One of the questions skeptics ask about Christian faith is how Christians respond when their prayers fail. It is an old, old question. I cry out to you, God, but you do not answer. The Book of Job is the sharpest example, a meditation on a blameless man whose life shatters for what seems like God’s whim. Scholars date its composition shortly after Jerusalem fell in 560 BCE to the Babylonians, who destroyed the great temple and took God’s chosen people into slavery. But many biblical texts are full of helpless pain. I saw all the deeds that are done under the sun; and see, all is vanity and a chasing after wind.
For the last ten years I have been doing anthropological research with evangelicals Christians. More specifically, I have been spending time in two Vineyard Christians Fellowships. These are churches that represent the way that American Christianity shifted after the social upheavals of the 1960s, away from traditional worship and towards a more intimate experience of God. Their congregants expect a back and forth relationship with God. They go for coffee with God and take walks with God. They talk to God casually, easily and openly, about little things, and they expect that God will talk back.
They also insist that prayer works: that prayer is about talking to God, and that if you pray, God hears you directly and clearly. They would say that you just had to ask, and that you should ask—even for little stuff. As a result, many of the evangelical Christians I knew prayed in a way that seemed to increase the chance that prayer would fail: that it would feel to them that they had been ignored. In many mainstream churches, people pray for the health of nations. It is unseemly to pray for exam results, or a new bicycle. But at the church where I did my main research, people were encouraged to pray for things that seemed downright trivial. “Don’t pray for a car,” my housegroup leader insisted. “Pray for a red car. Will your father give you a scorpion rather than an egg?”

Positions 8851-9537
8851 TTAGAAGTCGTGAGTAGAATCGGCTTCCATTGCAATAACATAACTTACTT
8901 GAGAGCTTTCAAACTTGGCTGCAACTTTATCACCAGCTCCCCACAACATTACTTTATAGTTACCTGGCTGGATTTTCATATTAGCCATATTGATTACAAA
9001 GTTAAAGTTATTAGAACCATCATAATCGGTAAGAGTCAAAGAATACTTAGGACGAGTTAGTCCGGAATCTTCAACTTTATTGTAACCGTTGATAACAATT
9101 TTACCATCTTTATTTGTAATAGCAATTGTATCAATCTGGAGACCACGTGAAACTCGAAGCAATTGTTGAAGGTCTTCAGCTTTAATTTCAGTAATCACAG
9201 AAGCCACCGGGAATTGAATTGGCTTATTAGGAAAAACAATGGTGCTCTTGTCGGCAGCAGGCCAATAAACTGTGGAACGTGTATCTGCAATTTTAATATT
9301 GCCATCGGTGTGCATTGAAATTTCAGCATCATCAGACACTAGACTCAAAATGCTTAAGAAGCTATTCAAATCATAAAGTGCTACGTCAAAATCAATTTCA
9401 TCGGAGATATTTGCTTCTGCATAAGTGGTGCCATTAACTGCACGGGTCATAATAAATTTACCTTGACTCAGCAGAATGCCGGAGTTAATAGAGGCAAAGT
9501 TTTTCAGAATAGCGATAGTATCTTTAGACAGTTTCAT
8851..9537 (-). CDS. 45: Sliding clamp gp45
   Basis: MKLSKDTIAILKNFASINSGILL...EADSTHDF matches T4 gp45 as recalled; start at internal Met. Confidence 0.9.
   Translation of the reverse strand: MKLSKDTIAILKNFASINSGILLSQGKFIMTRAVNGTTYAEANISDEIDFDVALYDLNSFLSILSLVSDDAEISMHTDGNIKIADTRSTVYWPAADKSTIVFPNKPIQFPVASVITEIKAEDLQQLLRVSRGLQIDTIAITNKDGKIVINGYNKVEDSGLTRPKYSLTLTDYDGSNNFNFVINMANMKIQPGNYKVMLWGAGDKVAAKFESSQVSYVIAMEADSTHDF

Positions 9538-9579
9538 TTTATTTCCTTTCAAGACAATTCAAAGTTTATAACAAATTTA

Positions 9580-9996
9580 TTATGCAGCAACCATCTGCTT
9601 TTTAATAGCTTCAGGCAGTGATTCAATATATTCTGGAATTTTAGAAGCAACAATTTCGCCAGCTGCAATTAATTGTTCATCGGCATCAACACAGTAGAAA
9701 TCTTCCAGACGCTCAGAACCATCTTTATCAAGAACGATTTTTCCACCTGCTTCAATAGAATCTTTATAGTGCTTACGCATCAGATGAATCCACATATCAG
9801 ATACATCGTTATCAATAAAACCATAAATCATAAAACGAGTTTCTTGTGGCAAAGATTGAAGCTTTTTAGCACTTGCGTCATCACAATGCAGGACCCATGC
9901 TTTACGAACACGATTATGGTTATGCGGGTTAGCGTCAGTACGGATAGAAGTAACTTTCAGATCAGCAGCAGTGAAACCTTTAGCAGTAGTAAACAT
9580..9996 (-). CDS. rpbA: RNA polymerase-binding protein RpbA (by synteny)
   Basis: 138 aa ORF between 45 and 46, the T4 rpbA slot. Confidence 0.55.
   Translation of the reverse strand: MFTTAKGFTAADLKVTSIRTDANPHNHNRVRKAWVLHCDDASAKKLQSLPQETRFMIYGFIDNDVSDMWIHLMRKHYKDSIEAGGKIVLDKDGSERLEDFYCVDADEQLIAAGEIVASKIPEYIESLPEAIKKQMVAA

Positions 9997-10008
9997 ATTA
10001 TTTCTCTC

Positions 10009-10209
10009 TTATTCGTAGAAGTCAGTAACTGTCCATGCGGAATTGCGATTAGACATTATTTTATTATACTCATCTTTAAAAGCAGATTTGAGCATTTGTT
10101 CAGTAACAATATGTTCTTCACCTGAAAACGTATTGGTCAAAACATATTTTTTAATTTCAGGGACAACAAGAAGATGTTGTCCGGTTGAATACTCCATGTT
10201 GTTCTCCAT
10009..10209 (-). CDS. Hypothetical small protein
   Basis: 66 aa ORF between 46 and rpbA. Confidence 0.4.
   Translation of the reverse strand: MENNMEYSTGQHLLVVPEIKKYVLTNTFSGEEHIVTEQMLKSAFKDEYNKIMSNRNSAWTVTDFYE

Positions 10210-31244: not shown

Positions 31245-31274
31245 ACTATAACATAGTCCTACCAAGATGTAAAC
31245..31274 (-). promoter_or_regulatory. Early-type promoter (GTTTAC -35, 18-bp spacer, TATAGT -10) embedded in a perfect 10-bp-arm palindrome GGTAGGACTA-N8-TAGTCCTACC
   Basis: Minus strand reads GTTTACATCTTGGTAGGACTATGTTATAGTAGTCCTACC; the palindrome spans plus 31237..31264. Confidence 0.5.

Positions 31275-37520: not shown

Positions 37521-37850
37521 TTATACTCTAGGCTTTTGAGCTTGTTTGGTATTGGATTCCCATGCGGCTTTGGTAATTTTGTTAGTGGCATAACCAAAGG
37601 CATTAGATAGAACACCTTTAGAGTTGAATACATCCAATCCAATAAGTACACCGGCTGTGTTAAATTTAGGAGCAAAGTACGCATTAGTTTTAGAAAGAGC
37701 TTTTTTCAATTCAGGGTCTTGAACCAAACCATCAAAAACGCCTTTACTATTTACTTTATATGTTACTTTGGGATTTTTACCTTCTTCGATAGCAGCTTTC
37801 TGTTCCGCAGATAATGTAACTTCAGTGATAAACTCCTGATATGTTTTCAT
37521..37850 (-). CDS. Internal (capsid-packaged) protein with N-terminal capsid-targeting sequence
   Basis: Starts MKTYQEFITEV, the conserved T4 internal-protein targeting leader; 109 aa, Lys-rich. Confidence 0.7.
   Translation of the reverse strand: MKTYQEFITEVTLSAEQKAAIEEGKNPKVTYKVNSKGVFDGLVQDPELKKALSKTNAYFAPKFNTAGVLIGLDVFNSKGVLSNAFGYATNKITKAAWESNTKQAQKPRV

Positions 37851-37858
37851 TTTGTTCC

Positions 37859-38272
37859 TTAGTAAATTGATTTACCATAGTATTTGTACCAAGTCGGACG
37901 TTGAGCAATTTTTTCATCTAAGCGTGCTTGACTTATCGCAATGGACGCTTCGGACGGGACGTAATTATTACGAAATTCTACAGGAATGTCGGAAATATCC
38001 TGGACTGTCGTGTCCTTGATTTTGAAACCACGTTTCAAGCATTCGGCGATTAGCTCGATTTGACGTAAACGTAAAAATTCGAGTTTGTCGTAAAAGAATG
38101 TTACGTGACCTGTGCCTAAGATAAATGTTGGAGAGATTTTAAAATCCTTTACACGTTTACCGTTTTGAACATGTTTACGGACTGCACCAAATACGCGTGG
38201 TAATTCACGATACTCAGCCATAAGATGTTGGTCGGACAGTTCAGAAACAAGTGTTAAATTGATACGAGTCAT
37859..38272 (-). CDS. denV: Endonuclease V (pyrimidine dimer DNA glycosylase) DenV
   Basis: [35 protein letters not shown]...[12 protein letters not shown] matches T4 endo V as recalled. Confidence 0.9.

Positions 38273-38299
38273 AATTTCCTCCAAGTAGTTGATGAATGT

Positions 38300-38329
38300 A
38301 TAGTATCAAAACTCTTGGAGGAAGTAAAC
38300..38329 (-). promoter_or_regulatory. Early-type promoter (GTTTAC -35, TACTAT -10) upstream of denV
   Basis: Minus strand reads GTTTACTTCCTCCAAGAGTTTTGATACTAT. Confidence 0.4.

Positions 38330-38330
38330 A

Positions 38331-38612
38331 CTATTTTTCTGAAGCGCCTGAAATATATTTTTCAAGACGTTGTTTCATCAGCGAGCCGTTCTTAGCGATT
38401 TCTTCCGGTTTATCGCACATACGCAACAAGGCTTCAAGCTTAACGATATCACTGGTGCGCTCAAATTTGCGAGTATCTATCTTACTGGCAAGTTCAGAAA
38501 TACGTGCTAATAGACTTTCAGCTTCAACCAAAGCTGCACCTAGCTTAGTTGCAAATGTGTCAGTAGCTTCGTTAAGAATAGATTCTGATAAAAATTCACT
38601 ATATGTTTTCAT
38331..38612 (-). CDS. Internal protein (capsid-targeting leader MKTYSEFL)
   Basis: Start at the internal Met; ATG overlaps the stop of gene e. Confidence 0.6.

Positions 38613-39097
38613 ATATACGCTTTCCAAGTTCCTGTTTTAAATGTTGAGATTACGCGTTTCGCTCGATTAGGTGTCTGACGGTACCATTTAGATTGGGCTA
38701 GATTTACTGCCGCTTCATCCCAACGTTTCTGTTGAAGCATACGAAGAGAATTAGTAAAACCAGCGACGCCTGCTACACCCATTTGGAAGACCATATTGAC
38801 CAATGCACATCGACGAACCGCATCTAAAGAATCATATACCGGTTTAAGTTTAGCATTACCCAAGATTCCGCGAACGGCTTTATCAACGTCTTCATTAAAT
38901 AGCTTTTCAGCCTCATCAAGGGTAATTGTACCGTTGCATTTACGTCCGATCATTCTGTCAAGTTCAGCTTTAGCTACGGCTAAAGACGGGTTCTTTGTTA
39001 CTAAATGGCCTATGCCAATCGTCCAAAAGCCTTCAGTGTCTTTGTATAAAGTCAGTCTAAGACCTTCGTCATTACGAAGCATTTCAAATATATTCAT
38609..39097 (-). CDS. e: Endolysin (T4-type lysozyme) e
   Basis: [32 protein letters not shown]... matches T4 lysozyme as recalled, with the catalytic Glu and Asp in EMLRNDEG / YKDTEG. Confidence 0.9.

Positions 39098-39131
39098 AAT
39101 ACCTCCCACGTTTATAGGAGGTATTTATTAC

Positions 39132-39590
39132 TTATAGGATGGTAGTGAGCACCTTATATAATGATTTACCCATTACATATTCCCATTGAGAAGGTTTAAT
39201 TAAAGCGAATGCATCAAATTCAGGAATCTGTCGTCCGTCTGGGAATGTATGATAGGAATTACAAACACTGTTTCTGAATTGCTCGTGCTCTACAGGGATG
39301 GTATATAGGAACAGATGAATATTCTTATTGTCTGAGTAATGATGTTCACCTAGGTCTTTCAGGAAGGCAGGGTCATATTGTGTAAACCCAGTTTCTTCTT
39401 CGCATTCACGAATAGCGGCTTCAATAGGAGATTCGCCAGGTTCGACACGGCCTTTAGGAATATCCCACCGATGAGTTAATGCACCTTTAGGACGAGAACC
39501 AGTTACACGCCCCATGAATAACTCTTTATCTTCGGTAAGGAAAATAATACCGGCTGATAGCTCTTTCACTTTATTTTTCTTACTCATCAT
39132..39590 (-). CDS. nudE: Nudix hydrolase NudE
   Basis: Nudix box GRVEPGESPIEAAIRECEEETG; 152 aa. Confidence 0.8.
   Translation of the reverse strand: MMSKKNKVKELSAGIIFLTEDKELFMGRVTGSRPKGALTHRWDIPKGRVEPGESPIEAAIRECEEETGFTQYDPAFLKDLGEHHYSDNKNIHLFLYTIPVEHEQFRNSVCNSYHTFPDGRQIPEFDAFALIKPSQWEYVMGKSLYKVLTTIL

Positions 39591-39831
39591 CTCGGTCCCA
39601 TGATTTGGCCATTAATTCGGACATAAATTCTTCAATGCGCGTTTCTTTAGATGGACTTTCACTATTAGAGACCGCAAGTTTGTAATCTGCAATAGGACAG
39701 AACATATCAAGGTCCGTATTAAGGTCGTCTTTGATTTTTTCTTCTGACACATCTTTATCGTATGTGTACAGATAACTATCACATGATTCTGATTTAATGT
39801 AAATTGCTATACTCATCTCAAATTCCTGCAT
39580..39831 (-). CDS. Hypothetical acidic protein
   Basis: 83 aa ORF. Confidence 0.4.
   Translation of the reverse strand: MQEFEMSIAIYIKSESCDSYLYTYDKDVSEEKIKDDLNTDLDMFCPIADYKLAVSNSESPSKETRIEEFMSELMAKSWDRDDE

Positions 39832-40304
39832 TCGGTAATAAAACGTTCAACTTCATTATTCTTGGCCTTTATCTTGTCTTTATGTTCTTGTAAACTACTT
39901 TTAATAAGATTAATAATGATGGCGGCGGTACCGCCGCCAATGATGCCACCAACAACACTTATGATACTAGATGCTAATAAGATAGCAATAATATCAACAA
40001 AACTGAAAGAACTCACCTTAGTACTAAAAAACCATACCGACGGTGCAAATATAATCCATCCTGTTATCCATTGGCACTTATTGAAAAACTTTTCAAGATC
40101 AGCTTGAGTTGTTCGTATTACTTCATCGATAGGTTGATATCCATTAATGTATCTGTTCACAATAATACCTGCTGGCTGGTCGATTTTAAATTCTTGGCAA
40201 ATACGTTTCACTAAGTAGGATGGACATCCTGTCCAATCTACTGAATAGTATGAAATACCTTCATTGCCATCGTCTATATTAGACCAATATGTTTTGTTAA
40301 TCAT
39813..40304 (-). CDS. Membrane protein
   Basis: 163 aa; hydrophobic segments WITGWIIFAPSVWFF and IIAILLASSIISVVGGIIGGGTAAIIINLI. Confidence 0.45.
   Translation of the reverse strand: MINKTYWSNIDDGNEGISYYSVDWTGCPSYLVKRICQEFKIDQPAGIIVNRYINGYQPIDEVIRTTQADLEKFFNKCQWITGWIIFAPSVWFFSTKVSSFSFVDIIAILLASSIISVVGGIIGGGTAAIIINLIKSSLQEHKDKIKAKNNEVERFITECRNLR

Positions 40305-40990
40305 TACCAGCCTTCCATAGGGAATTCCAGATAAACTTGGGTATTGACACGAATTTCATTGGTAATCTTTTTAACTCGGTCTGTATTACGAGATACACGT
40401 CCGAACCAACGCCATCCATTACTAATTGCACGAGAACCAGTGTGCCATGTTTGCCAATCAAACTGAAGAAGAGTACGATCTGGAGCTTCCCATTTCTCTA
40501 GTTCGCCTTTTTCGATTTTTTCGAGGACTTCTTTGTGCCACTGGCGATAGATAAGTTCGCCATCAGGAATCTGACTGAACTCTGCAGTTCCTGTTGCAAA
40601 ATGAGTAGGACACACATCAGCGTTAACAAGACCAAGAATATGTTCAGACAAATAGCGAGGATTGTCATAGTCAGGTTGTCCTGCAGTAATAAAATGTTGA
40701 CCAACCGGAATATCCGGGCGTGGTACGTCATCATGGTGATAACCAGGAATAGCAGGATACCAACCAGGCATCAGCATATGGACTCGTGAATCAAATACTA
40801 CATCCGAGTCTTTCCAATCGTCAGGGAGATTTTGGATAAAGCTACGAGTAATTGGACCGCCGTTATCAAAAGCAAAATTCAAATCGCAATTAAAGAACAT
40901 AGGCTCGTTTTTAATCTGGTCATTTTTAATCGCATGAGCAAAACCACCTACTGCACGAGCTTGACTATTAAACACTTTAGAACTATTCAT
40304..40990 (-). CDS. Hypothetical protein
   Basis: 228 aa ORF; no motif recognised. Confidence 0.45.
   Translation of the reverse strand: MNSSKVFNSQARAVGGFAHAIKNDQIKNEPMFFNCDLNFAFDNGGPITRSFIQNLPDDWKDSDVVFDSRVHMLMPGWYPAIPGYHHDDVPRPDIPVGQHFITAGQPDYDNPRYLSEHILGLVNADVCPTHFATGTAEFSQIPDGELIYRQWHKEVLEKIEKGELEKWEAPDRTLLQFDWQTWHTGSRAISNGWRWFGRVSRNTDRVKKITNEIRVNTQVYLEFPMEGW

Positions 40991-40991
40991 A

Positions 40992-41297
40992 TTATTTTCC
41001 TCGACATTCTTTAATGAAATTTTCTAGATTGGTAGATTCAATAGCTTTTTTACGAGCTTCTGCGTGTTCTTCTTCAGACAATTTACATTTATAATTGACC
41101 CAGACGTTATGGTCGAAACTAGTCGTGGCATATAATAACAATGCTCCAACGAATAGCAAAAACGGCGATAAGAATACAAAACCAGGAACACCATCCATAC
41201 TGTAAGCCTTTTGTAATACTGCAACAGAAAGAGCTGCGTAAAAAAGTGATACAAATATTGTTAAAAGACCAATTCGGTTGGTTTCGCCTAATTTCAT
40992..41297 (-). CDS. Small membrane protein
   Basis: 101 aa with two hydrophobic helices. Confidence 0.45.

It was pretty clear that many of these prayers did not deliver. When one member of the group, a young medical student, entered the residency match, she really wanted to work as an obstetrician, and she really wanted to live in Indianapolis, where her brother was—and she didn’t get to Indianapolis. She even didn’t get into an obstetrics residency. She ended up in family practice in St. Louis. She was so upset and mad that she left Chicago for the spring. “I’m struggling with God,” she said to us. “I don’t know what to say. I’m struggling. Actually, I’m screaming.”
Why would people pray like that? The answer is that in-your-face failures force people to get something different out of prayer. When prayer fails in this obvious way, people at these churches simply shift the focus and say that this is when you need God. Indeed, the more powerful the apparent assault on faith—how could God have let this happen?—the more intensely congregants insist on God’s role as friend to help one through tough times. His friendship becomes its own reward.
“God doesn’t want to be analyzed,” a woman explained to me one Sunday morning. “He wants your love.” She was reading one of the shelf-full of evangelical books about God’s apparent failure to deliver on his promises. Philip Yancey’s Disappointment with God does not explain why bad things happen to good people. In fact, he explicitly rejects the best-known mass-market explanation found in When Bad Things Happen to Good People. Harold Kushner wrote that book because he was horrified as a young rabbi when a couple lost their only child to a brain aneurism and attributed the death to God’s wrath because they had not fasted on Yom Kippur. Kushner concludes that God is good, but not all-powerful. That is not Yancey’s God. Yancey settles for a God who is logically incoherent but emotionally available, and the point Yancey makes is that the awesome, mighty creator of the universe is desperate that we should like him and hurt when we turn away, regardless of the devastation going on in our lives. “Our choices matter, not just to us and our own destiny but, amazingly, to God himself.”
It can be tempting to ascribe this refusal to give a logical account of human suffering, this philosophical recalcitrance, to a kind of theological cluelessness, but it would be more accurate to treat the refusal as an indication of what this imagining of God does for his followers. This God is understood to be responsive, loving and present—even when things are tough, miserable and unfair. The theology is not about explanation, but about relationship. That is what makes churches like these work for those who come to them. People stay with this God not because the theology makes sense, but because the practice delivers emotionally. When you feel lousy, reaching out to this God helps you to feel better. Under these conditions, it is often when prayer requests fail that prayer practice becomes most satisfying.
(reposted from the Huffington Post)